Her band, The Blues Explosion, took her to the International Blues Challenge in Memphis, which was sponsored by the Rock and Roll Hall of Fame, later that year. Mary Bridget suddenly found herself in the midst of legendary artists like B.B. King, Mavis Staples, Hubert Sumlin and even the president of Alligator Records, Bruce Iglauer. “The cool thing about the blues community,” Mary Bridget said, “is that nobody’s uppity.”
On the same bill with Leon Russell, Delbert McClinton, Renee Russo and Buddy Guy, Mary Bridget Davies and her band met up with Vasti Jackson, a blues guitarist, who told them that the band’s name didn’t reflect their music. “You’re more than a blues singer,” he said, “the band should carry your name.” Mary Bridget made the switch with a bit of trepidation and became a member of a Cleveland improv group called “Something Dada.”
“Something Dada made me smarter, faster and funnier, and really helped with my stage presence — though I’ve never been a stranger to the stage,” Mary Bridget Davies said.
Her experiences with the improv group and as the front of a increasingly successful band encouraged her to record an album when the musical Love, Janis entered concurrently entered her life. “I saw Andra Mitrovich in Love, Janis in 2001 during a tour at The Village Gate on Bleker Street in New York.”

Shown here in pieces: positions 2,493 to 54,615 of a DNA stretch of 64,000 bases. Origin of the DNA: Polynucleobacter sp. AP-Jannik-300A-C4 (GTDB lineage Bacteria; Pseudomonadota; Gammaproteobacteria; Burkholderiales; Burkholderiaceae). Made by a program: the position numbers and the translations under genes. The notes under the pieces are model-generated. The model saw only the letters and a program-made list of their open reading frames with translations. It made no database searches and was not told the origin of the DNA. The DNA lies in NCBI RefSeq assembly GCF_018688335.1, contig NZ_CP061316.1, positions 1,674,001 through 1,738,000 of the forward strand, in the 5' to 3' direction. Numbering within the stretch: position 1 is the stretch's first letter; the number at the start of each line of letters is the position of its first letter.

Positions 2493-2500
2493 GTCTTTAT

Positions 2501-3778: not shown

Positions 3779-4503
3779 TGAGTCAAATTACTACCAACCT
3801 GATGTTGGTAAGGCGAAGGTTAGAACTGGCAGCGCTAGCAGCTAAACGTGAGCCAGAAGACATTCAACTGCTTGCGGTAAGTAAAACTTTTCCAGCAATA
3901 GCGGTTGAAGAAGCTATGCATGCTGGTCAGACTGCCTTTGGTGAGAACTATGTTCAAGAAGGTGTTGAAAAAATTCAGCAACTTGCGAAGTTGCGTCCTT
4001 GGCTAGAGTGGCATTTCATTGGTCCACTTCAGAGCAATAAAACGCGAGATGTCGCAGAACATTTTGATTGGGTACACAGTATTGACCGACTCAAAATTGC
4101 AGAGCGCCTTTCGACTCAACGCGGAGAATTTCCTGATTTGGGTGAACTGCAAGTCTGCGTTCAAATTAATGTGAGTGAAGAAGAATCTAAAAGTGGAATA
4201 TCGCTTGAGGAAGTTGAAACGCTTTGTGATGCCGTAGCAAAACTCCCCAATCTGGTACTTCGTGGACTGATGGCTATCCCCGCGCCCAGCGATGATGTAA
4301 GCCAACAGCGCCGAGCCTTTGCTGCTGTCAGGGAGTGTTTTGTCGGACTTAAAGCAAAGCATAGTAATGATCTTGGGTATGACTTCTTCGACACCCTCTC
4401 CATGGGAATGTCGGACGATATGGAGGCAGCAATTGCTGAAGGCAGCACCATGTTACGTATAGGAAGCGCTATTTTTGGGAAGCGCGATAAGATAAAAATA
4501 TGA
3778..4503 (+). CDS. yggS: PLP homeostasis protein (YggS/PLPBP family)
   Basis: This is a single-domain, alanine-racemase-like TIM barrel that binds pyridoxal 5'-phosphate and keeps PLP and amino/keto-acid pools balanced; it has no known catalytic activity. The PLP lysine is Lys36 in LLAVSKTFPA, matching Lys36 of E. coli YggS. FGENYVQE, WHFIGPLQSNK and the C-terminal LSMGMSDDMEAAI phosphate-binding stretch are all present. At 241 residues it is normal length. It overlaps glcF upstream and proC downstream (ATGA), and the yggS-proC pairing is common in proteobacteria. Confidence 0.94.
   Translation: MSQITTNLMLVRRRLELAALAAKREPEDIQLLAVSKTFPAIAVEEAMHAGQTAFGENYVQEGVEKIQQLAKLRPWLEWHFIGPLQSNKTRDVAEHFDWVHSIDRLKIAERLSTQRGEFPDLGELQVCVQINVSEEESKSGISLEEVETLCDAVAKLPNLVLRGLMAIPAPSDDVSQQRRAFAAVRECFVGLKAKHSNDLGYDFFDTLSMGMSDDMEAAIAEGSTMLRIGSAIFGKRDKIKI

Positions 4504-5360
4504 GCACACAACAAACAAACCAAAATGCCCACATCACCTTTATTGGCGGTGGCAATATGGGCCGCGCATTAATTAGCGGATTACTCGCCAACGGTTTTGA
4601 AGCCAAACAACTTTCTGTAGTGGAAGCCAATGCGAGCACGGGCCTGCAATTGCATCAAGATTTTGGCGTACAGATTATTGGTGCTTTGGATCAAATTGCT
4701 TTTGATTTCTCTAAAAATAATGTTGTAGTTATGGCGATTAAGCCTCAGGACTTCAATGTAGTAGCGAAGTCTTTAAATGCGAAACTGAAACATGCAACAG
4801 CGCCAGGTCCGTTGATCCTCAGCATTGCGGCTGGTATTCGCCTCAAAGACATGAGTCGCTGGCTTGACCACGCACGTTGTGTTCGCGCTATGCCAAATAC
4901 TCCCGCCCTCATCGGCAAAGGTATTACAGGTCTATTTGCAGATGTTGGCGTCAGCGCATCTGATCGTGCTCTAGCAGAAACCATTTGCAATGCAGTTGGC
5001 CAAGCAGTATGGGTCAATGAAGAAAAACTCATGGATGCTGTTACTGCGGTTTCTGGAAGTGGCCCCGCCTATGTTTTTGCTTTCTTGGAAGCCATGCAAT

“Andra blew me away; I thought it was amazing.”
Mary Bridget emailed Sam Andrews, of Big Brother and the Holding Company fame, and found out the band had a gig in Hamilton, Ohio at Angel’s Saloon that same week. “I got to meet the whole band, and was asked to sing Bobby McGee onstage.” Mary Bridget gave Sam a distorted tape of a show she and her band had done the night before and he told her he’d stay in touch.
Sure enough, five years later, Mary Bridget Davies ran across a flier for a contest called “The Search for the Pearl: The New Janis Joplin.” Whoever won the competition got to front Big Brother and the Holding Company, so Mary Bridget immediately emailed Sam Andrews. Sam told her that the competition was in its infancy, but mentioned that Love, Janis is having auditions and would be coming to Cleveland.